Yordan Álvarez has been every bit as advertised since his major league debut with the Houston Astros in 2019. The Cuban-born outfielder and designated hitter is an intimidating presence in the batter’s box — he’s listed at 6-foot-5 and 225 pounds, but it would be reasonable to take the over on both of those figures. Álvarez did nothing but hit as a minor leaguer, despite being younger than his competition at every level.
While evaluators expected him to arrive in 2020, Álvarez instead forced the issue in 2019 when he put up a ridiculous .343/.443/.742 batting line with 23 home runs in just 56 Triple-A contests, earning a promotion even though he was not yet on the 40-man roster. And upon that promotion, he didn’t skip a beat, batting to a .313/.412/.655 line. By raw numbers, he may have taken a small step back, but adjusted to his league, Álvarez was even better in the majors.
All told, Álvarez hit 50 dingers, drove in 149 runs and was at least 70 percent better than his competition as a 22-year-old. Had he put up those numbers over a whole major league season, surely he would have received major consideration for the league’s Most Valuable Player award. Alas, Álvarez had to settle for Rookie of the Year, receiving all 30 first-place votes.
But 2020 was a major setback, as Álvarez started the season on the COVID-19 list. Once he finally was able to get back onto the field, disaster struck again: After just two games, a recurring knee injury ended his season. But after surgery to repair both knees, Álvarez bounced back nicely in 2021 to the tune of .277/.346/.531, although his performance was only 38 percent above the league average.
Here in 2022, Álvarez is the best version of himself, not only getting back to his 2019 form, but blowing past it. To date, Álvarez’s .299/.395/.630 line has been good for a career-best 195 weighted runs created plus (wRC+), which currently ranks second in the AL.1 Additionally, his 17 homers rank second only to Aaron Judge. The recipe for success? Rather simple: striking out less and walking more.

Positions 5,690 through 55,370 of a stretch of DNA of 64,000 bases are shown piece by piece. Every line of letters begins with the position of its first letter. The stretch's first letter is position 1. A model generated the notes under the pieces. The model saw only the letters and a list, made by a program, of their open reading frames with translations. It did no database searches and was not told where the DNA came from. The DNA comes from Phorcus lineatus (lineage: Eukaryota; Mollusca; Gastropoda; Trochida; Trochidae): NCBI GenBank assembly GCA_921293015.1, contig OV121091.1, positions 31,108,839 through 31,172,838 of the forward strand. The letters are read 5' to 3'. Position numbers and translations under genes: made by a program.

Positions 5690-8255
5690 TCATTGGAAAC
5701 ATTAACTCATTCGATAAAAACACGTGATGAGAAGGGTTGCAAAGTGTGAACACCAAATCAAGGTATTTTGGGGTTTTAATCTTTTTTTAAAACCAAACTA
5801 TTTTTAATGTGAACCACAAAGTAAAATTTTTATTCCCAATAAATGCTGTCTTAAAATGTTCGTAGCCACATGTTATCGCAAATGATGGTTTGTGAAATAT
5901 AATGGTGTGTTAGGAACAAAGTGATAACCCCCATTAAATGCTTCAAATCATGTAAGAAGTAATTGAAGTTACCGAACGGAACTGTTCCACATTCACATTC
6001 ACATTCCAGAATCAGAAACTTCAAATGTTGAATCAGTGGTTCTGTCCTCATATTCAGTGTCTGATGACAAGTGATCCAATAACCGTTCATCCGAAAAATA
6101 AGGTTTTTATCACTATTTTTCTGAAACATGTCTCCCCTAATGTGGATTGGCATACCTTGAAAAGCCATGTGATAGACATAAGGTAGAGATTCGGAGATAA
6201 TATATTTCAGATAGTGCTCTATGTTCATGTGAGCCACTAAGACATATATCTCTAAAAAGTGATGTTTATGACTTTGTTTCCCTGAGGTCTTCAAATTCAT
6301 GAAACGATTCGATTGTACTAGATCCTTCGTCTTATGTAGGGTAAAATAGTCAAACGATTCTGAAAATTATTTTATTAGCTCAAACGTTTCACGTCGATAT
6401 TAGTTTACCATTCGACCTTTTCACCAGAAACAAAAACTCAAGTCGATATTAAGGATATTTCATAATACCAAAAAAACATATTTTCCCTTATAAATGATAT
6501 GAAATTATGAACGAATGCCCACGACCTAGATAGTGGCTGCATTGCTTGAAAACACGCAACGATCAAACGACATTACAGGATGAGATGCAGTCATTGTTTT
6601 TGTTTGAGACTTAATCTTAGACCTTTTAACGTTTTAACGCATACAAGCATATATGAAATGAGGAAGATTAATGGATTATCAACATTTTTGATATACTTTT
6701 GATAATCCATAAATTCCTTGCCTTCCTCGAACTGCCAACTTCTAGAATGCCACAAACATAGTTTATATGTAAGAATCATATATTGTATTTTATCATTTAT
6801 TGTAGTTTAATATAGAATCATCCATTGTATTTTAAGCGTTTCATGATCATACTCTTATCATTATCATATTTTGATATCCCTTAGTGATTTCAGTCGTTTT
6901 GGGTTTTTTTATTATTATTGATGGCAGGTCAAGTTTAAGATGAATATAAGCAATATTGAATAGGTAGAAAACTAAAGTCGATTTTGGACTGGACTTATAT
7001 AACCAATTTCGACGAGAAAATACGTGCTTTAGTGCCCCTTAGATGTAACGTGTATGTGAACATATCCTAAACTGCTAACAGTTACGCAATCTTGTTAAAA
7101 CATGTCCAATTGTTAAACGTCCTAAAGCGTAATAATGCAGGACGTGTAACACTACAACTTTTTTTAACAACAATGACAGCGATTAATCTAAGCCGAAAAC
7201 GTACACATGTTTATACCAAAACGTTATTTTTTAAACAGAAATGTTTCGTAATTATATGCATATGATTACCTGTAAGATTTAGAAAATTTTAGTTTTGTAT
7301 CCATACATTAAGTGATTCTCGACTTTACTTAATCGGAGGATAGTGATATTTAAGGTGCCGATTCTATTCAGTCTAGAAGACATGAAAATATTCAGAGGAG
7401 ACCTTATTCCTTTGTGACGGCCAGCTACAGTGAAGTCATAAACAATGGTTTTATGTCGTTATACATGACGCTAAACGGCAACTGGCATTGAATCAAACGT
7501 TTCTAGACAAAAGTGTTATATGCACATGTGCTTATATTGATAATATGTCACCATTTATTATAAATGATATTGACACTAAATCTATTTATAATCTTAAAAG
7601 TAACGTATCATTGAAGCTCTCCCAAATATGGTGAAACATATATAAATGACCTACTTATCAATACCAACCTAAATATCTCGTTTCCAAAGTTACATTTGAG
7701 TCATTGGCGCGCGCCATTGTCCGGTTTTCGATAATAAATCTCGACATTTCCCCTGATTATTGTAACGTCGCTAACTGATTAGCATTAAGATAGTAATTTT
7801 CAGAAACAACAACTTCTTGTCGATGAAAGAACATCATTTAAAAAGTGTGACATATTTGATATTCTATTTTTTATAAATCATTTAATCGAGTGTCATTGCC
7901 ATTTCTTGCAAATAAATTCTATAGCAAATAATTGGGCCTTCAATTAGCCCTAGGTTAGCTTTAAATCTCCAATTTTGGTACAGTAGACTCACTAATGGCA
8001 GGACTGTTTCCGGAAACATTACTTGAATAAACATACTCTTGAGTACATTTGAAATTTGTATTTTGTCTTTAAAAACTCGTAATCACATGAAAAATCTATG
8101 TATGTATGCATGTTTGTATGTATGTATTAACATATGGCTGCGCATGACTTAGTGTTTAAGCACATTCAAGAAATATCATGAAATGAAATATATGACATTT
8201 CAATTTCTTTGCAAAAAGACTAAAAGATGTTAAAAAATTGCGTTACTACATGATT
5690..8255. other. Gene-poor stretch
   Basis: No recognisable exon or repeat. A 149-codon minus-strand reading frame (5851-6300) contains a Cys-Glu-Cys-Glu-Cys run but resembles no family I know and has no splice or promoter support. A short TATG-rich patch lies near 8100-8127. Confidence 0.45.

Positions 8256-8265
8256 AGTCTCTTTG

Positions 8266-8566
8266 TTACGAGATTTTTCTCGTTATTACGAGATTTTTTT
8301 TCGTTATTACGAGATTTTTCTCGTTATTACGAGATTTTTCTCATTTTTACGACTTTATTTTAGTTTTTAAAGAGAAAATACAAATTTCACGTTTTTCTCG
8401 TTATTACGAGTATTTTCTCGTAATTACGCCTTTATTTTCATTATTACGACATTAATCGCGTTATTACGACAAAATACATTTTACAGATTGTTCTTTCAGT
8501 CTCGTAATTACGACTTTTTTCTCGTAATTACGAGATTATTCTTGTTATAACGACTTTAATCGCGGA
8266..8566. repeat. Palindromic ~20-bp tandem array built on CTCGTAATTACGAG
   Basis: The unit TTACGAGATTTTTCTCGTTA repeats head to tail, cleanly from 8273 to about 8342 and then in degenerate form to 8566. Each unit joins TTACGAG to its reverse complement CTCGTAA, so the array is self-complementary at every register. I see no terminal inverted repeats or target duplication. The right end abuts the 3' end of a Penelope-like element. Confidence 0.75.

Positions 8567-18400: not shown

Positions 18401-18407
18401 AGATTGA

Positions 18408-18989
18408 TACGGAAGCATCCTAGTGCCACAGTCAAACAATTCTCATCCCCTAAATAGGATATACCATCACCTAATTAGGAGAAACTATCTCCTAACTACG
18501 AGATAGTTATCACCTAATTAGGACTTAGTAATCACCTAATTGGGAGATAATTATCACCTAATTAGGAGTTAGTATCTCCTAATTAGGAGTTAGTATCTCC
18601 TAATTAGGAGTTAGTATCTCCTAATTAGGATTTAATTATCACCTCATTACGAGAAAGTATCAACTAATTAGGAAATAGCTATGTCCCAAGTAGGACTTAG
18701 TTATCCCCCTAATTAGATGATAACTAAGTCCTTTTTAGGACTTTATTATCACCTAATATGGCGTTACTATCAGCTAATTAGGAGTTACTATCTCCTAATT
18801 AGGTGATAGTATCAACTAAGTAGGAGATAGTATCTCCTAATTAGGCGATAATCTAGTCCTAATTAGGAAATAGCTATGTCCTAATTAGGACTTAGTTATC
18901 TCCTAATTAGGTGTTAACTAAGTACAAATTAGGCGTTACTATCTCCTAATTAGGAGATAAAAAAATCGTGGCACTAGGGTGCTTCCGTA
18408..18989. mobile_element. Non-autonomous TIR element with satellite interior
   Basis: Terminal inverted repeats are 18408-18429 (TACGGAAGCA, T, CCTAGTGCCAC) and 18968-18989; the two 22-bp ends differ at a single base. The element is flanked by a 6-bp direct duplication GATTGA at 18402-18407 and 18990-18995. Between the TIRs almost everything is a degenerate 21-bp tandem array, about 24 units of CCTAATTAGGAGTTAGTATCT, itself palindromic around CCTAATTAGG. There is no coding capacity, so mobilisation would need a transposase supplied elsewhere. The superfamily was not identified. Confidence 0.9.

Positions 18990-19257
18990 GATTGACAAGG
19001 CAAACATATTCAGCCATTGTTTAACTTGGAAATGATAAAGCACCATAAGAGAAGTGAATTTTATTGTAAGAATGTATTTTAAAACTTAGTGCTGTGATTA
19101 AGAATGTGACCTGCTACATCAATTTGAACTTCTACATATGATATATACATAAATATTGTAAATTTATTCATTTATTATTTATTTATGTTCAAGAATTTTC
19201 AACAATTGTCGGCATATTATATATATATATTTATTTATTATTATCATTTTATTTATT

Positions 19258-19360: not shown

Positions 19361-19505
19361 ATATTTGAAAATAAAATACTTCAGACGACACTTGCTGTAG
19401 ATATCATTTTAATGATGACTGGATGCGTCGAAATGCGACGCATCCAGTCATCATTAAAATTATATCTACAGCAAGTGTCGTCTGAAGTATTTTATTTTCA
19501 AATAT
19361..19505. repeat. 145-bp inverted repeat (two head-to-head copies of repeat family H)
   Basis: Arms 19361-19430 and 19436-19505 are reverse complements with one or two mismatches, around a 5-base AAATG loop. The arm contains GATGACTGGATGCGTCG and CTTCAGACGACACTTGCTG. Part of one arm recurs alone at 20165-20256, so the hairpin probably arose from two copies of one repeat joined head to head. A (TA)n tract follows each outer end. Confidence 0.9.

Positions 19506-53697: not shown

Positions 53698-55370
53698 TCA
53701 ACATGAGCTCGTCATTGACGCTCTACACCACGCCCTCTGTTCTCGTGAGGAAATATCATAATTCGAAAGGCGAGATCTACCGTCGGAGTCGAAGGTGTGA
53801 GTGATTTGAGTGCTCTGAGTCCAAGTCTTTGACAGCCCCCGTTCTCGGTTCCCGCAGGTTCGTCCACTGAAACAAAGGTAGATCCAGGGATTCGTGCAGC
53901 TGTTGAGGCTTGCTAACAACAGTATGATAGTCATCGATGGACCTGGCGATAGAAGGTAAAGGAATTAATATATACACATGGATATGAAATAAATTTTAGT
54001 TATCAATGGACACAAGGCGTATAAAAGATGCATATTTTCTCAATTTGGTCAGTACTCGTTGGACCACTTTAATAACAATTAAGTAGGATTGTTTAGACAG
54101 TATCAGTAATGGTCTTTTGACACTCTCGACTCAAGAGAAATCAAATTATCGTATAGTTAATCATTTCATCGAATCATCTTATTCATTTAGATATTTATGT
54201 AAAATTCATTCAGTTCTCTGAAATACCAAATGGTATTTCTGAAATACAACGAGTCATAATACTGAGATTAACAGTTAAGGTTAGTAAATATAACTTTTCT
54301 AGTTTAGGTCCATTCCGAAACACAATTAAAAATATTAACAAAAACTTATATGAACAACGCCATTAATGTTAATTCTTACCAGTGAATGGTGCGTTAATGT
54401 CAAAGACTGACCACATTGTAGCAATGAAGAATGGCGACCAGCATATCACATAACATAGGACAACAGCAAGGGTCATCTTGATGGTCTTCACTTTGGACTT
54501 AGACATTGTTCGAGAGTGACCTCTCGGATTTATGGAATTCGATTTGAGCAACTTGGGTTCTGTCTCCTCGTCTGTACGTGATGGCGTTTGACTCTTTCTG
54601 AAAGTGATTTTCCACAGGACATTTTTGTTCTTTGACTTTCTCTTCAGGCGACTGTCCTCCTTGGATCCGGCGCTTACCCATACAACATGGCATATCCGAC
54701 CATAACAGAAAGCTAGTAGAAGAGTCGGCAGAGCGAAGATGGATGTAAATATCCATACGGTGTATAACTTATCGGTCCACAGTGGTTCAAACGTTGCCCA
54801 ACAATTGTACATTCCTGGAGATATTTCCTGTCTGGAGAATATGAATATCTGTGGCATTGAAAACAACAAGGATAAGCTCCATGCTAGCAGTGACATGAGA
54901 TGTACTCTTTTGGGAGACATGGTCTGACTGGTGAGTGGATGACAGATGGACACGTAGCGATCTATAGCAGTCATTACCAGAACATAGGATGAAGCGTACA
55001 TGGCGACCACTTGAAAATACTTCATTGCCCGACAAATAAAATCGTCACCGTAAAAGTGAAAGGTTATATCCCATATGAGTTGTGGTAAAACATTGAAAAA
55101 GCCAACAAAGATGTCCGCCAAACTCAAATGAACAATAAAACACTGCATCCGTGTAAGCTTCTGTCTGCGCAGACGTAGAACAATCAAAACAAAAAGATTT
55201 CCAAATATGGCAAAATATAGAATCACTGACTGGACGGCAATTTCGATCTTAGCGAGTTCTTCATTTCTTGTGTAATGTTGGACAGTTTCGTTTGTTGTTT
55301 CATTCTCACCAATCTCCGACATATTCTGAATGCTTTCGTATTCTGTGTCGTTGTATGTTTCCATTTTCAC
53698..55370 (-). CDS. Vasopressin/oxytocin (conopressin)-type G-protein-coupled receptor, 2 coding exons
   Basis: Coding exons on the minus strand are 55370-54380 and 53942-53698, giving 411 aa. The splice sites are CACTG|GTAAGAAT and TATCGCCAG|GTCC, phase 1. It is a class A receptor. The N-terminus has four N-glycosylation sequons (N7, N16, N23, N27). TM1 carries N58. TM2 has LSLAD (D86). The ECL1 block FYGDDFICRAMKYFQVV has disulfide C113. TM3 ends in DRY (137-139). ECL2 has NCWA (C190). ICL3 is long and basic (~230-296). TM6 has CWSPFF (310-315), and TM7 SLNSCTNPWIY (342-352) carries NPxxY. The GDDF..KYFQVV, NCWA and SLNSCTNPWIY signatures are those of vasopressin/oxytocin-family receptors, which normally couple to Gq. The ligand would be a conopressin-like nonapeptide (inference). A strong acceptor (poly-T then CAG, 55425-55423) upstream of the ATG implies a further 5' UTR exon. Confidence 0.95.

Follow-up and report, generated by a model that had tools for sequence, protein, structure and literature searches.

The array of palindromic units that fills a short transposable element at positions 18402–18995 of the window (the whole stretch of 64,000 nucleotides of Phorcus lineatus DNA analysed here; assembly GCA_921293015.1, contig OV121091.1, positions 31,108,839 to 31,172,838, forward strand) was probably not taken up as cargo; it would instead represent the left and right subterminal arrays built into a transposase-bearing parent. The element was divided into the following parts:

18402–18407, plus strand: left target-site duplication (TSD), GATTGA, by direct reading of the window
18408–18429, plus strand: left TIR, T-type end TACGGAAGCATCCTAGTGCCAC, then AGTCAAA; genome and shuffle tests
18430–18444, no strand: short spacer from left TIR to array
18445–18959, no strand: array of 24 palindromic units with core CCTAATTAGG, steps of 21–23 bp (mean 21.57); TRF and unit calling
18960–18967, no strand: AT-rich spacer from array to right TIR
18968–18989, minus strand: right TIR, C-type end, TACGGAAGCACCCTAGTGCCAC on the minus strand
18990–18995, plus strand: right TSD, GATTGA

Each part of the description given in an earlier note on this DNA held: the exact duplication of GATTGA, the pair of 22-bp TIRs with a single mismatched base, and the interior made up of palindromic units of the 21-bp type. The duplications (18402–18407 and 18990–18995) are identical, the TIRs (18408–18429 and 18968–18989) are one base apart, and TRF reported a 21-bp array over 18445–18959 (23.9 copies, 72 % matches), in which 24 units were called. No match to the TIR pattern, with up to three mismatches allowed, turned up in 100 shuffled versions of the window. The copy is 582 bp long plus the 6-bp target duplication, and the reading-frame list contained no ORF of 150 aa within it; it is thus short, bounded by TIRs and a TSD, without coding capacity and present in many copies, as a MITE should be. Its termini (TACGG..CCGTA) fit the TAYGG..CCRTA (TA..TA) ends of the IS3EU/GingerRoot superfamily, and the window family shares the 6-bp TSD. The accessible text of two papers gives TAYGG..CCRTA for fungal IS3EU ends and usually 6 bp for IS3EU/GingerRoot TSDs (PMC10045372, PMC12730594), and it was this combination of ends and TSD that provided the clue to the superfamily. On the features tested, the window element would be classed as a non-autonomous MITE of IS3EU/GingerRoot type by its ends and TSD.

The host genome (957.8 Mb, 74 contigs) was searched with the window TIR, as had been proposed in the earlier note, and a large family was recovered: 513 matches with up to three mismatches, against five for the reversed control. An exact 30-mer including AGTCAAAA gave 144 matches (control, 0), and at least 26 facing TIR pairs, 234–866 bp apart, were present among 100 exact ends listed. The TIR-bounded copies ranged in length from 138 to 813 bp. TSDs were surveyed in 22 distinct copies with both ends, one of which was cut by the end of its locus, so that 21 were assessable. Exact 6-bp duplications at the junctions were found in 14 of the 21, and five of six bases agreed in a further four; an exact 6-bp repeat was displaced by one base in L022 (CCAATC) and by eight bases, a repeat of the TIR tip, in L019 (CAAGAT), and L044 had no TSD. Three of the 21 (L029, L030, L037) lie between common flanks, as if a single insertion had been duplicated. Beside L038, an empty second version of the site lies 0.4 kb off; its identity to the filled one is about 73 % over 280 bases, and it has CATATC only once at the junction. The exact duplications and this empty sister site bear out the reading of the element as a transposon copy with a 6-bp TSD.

|Season||Strikeout %||Percentile||Walk %||Percentile||Chase Rate||Percentile|
For his professional career, Álvarez has had little trouble drawing walks. If the season ended today, his current walk rate of 13.0 percent wouldn’t even be his career best in the big leagues. But what has set Álvarez apart this year has been his refusal to chase pitches out of the zone. Prior to this season, Álvarez’s chase rate was right around the league average. This year, he is only offering at pitches outside the strike zone at a 21 percent clip.
Thanks to his better eye and more selective approach, Álvarez is getting more out of his swings. His ability to consistently mash baseballs is hardly a new development, but this year he has taken things to new heights. So far this season, Álvarez is pacing the rest of baseball in hard-hit percentage, expected batting average, expected slugging percentage and expected weighted on base average. By xWOBA in particular, Álvarez excels over the competition, leading the next best hitter by more than 30 points.
|1||Yordan Álvarez||Houston Astros||.434||.497|
|2||Aaron Judge||New York Yankees||.442||.463|
|3||Joc Pederson||San Francisco Giants||.389||.453|
|4||Bryce Harper||Philadelphia Phillies||.413||.438|
|5||Mike Trout||Los Angeles Angels||.421||.427|
|6||Willson Contreras||Chicago Cubs||.408||.427|
|7||Taylor Ward||Los Angeles Angels||.463||.427|
|8||Giancarlo Stanton||New York Yankees||.363||.420|
|9||Juan Soto||Washington Nationals||.366||.417|
|10||J.D. Martinez||Boston Red Sox||.416||.414|
Another major improvement that has buoyed Álvarez’s success has been in his ability to hit breaking and offspeed pitches. For the first time in his career, he is hitting non-fastballs better than he is hitting fastballs, with xwOBA marks of .526 against offspeed pitches and .566 against breaking balls. For hitters with at least 20 plate appearances in which they saw either pitch, Álvarez ranks fifth and first, respectively.
Since his debut in 2019, only one hitter has performed better than Álvarez: the one and only Mike Trout. By FanGraphs’ calculations, Álvarez also ranks third in xwOBA, third in average exit velocity, third in hard-hit rate and eighth in barrel rate. Álvarez has more than earned himself a place in the discussion of best hitter on the planet.
The Astros think so, too, as they rewarded him with a handsome six-year, $115 million extension that will keep him in Houston through the 2028 season. Though he could be leaving some money on the table, as he was set to reach free agency at the age of 28, there is no reason to think Álvarez can’t get a second payday, given that his skill set of avoiding strikeouts, drawing walks and hitting for tremendous power is one that tends to age well. FanGraphs ZiPS projections have him as a 4-WAR player or better for four of the six years on the deal, and when he finally does hit free agency, he’ll still be only 31 years old.
Big things were expected from Álvarez before he ever took the field at Minute Maid Park. So far, he’s delivered more than the Astros could have hoped. If he keeps up this pace, Trout may have competition atop the leaderboard of baseball’s best.
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